I just need to accept that as an adoptee, I am a mixture of my birth parents and my adoptive parents. I have genetic, emotional and personality traits from my birth mother and have learned personality traits from my adoptive parents. Unfortunately, that makes me feel that I don't really fit with either parents. (cited in Kenny et al., 2012, p. 98)

Sadly, there were some participants in the study who did not discover they were adopted until later in their lives; many only once their adoptive parents had passed away. Late-discovery adoptees may experience significant emotional damage as they find themselves contemplating a life and what they considered to be their identity that has been based on lies and deception, no matter how well-intentioned their adoptive families may have been in keeping the adoption secret. As one participant articulated about their experience of discovering their adoption at a later age, the effects were significant:

Absolutely let down. I had led a lie for my first 24 years of my life. Upon disclosure, a big black hole opened up for me: "Who was I really?" (cited in Kenny et al., 2012, p. 99)

So the concept of identity formation is certainly complex, and arguably more so for those adoptees who have no information about their families of origin. The capacity to contact and make further connections with their biological relatives and explore more thoroughly their own ideas and experiences of what it means to be "me" is important.

Theme 2: Connection

The closed records adoption system was a violation of the human right to know oneself. To be given an entirely fictional identity was a further cruelty. To have birth rights stripped away is utterly immoral and wrong. (cited in Kenny et al., 2012, p. 87)

Of all the messages that emerged from the adopted individuals who participated in the study in relation to what was most important to them now and into the future, the one that was held with the most passion and conviction was the right to have access to their own information. The inaccessibility of their records, birth certificates and contact information of their biological families, and how this relates to the formation of their identity, sense of "place" in the world and, ultimately, connection to their own histories, was felt to have been largely misunderstood or not acknowledged in the wider focus of the adoption discussion, and this was one thing they would like to see rectified.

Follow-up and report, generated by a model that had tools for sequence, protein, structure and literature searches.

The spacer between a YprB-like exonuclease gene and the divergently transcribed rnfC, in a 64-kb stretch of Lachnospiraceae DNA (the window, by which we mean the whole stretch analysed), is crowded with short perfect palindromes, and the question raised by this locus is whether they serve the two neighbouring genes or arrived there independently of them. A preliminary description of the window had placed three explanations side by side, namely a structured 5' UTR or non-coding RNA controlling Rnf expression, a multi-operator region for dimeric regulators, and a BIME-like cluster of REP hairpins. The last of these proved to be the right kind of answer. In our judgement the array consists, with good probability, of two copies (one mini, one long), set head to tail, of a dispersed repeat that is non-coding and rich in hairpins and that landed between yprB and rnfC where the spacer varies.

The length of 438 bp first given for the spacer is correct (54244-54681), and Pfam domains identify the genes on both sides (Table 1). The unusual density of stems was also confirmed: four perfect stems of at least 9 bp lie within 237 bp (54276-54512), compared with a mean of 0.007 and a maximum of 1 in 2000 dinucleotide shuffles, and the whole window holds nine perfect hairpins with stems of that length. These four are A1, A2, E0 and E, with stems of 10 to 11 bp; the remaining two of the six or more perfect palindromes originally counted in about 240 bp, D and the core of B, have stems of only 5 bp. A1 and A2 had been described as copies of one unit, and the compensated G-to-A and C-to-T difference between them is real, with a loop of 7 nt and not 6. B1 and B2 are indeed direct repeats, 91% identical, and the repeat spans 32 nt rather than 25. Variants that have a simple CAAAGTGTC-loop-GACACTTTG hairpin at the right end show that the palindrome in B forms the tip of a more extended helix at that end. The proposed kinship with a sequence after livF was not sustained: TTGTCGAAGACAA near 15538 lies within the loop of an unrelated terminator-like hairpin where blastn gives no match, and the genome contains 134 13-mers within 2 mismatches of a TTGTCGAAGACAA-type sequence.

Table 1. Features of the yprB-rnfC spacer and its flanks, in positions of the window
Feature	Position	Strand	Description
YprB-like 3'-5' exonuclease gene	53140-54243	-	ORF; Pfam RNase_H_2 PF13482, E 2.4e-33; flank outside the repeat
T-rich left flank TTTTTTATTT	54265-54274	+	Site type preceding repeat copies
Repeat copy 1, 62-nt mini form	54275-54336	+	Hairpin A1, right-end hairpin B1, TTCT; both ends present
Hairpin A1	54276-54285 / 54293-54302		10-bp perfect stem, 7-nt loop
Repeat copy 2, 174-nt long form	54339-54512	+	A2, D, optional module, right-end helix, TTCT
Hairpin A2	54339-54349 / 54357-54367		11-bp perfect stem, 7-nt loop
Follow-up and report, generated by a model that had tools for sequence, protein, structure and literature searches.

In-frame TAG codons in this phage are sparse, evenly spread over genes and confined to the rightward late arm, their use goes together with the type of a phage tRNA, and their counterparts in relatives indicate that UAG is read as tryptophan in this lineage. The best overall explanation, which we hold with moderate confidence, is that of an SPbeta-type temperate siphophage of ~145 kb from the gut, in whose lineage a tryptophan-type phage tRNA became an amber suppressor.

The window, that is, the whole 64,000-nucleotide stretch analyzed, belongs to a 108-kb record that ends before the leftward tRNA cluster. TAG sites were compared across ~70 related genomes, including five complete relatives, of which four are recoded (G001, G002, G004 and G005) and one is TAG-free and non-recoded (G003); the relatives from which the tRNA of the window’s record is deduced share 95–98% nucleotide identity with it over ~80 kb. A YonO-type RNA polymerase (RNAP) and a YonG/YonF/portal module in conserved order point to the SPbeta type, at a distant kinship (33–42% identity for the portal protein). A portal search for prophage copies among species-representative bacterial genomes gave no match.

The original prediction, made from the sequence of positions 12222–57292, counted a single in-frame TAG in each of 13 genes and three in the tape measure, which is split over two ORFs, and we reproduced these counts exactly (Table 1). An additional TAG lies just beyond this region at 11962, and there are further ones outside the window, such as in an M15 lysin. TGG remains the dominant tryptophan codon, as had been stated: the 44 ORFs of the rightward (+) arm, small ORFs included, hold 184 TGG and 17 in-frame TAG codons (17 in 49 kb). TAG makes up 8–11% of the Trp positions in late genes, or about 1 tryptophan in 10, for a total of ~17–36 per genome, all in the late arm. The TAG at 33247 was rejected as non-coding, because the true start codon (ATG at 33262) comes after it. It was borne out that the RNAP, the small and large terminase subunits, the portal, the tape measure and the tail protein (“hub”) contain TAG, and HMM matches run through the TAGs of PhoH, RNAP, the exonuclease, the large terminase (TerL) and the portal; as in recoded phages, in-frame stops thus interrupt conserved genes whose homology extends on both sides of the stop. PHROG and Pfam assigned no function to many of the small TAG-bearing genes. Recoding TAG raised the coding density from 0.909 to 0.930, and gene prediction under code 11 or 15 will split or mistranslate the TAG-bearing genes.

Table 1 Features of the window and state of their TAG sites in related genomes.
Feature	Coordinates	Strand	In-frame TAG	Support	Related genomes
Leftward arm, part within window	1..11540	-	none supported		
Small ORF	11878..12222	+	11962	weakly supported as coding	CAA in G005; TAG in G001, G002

Currently, all states and territories have variances in their legislation relating to adoptees and access to information. This was identified by study participants as being in dire need of reconsideration; that the complexities and barriers many face in attempting to find and connect with their families of origin were viewed by some to be a violation of their human rights:

I want the restoration of my human right to full disclosure regarding who I am and how I got here. (cited in Kenny et al., 2012, p. 108)

Further barriers to obtaining information that would help them form connections, which participants felt could be revised legislatively, included:

  • the parameters surrounding contact and information vetos;
  • the cost of accessing original birth certificates and other documentation; and
  • the variability in the quality of the information and the way in which such information is provided.